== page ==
Registration Fee: 100 euros and 15 euros for each lunch.
Students: 30 euros and 10 euros each lunch.
There are many hotels in Antwerp and a few in the nearby town of Mortsel, which are discoverable online, and each attendee should book directly. FVG is located off of a bus line to downtown Antwerp.

CFP: Religious urbanization and moral economies of development in Africa

Call for Chapter Submissions

Abstracts are invited for an interdisciplinary volume on Religious urbanization and moral economies of development in Africa, edited by David Garbin (University of Kent), Simon Coleman (University of Toronto) and Gareth Millington (University of York). The volume will critically explore how processes related to religious urbanization intersect with different notions of development in African contexts. Cities are taken to be powerful venues for the creation and implementation of models of development whose moral, temporal, and political assumptions need to be examined, not least as they intersect with religious templates for the planning and reform of urban space.

The themes and problematics to be discussed in this volume reflect the broader focus of the Religious Urbanization in Africa project (see https://rua-project.ac.uk/). These include (but are not limited to):

  • The ways urban faith-based practices of ‘development’ – through for example the provision of basic infrastructure, utilities, housing, health and educational facilities – link moral subjectivities with individual and wider narratives/aspirations of modernization, change, deliverance or prosperity
  • The ideals of belonging and citizenship promoted by religious visions of the ‘ideal city’ and how these are materially articulated in concrete urban developments
  • How models of infrastructural development mobilized by religious actors may conflict or cohere with existing regimes of planning in specific urban contexts as well as with international development discourses
  • The ways in which religious actors and groups may provide resources to negotiate unpredictability and socio-economic uncertainties through production of urban/infrastructural space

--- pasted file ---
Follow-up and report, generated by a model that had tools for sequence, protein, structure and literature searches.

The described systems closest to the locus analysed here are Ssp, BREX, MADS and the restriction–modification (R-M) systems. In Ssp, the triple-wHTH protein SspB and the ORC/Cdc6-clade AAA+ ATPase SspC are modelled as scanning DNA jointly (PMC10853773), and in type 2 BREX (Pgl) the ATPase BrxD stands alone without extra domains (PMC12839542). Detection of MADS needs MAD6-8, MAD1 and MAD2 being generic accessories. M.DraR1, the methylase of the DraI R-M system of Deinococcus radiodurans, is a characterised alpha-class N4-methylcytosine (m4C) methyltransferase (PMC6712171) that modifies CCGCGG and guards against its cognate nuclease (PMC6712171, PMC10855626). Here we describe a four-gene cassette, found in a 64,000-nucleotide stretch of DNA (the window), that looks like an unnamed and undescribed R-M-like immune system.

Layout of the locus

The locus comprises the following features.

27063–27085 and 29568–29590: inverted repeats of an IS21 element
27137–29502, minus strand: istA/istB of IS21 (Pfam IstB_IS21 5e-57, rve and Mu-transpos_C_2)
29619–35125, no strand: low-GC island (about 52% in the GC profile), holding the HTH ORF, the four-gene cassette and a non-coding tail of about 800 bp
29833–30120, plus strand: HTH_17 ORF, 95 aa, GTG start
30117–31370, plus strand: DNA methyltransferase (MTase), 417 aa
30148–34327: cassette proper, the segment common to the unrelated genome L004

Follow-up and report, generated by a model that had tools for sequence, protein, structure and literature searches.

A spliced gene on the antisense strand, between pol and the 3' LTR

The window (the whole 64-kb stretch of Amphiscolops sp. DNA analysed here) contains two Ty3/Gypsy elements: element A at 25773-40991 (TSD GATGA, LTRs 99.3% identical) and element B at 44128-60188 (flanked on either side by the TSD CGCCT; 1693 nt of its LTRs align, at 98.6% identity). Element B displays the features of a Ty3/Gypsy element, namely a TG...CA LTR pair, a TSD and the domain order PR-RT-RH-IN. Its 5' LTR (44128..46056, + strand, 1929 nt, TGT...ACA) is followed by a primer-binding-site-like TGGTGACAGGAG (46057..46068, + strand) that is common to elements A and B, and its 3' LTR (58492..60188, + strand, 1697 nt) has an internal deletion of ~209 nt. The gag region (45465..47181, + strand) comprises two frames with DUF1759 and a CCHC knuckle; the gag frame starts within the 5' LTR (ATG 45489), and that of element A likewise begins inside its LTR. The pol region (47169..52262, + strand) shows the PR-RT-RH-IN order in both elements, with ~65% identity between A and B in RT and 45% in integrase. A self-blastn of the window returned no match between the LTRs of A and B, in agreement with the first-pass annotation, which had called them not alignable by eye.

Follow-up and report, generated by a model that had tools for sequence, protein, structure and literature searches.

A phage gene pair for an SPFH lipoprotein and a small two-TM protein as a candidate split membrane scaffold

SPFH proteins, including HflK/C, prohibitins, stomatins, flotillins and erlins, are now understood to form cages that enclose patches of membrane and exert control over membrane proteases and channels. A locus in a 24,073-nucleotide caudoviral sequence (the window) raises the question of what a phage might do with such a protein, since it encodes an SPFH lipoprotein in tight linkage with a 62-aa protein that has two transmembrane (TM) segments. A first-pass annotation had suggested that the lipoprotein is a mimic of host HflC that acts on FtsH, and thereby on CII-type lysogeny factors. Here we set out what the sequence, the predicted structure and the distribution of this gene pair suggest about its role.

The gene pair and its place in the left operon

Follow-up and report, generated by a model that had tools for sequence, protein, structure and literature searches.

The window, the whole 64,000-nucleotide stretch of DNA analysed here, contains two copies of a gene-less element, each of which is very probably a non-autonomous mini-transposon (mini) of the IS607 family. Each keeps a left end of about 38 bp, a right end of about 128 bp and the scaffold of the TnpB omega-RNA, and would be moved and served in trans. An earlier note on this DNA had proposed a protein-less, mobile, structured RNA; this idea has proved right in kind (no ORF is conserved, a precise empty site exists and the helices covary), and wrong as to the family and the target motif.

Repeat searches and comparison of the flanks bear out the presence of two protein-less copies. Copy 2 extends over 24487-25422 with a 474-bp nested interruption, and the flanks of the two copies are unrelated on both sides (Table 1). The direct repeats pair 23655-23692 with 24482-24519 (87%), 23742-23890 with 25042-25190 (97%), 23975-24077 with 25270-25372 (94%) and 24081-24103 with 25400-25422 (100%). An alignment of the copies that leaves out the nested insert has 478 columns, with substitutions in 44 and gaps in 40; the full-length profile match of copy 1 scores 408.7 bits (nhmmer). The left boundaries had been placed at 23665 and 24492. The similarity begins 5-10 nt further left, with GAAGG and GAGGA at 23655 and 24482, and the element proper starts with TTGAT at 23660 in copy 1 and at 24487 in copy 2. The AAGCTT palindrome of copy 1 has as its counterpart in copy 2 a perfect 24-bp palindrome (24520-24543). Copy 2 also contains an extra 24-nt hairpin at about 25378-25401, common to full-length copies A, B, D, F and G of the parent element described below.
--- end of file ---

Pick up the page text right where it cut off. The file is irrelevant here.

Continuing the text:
We welcome empirically-grounded qualitative case studies or comparative approaches (including but not limited to Islam or Christianity), in particular chapters linking urban change in African context(s), religious place-making, and ‘development’ discourses and practices at various scales.

The proposal for this volume has been invited for a new Bloomsbury book series, ‘Studies in Religion, Space and Place’.

Please submit abstracts of up to 300 words no later than 20 November 2018 to ruaproject@kent.ac.uk

Accepted chapters in full (6000-7000 words) will be due by 1 June 2019.

CFP: Special Journal Issue of “Religions”

Special Issue: Islam in Europe, European Islam

Deadline: 31 January 2019

Guest Editors

Prof. Dr. Stefano Allievi,  University of Padua, stefano.allievi@unipd.it
Prof. Dr. Thijl Sunier, VU University Amsterdam, j.t.sunier@vu.nl  

Interests: Islamic movements, authority, Islam and popular culture.

The scope of the special issue “Islam in Europe, European Islam?” is to explore and underline trends, some very visible, others seemingly marginal, which are transforming Muslim communities and Islamic landscapes in Europe in recent years.

Much of the research carried out among Muslims in Europe seems still being trapped in nationally specific formats, thereby implicitly depicting Muslims as homogenous national communities. Rather than focusing on the common nationally specific developments in the legal, organizational, doctrinal and political sphere, the special issue seeks to identify a number of cross-national, or supra-national thematic fields as angles that capture these trends. These fields may be rooted in developments specific to Islam and Muslim communities in Europe, but they may also address the question how global developments take shape locally.

The themes listed below are by no means exhaustive, but together they may indicate important trends and developments that provide clues about the tremendous diversification currently taking place among Muslims. It throws into stark relief what is meant by “European Islam” because this epithet has often been applied by politicians, journalists, and academics to denote a specific ‘domesticated’ form of Islam that conforms to dominant national values and principles. Such a frame of reference tends to ignore important developments among Muslims. The special issue addresses some of these trends.   

There is a vast literature on the subjects related to “Muslims in Europe” or “Islam in Europe”, to which many of us have contributed in the last decades. We invite scholars in the field of Islam in Europe to write an article for this special issue indicating intriguing and relevant trends. We do not propose a total new set up, but instead invite researchers to address what they consider important developments.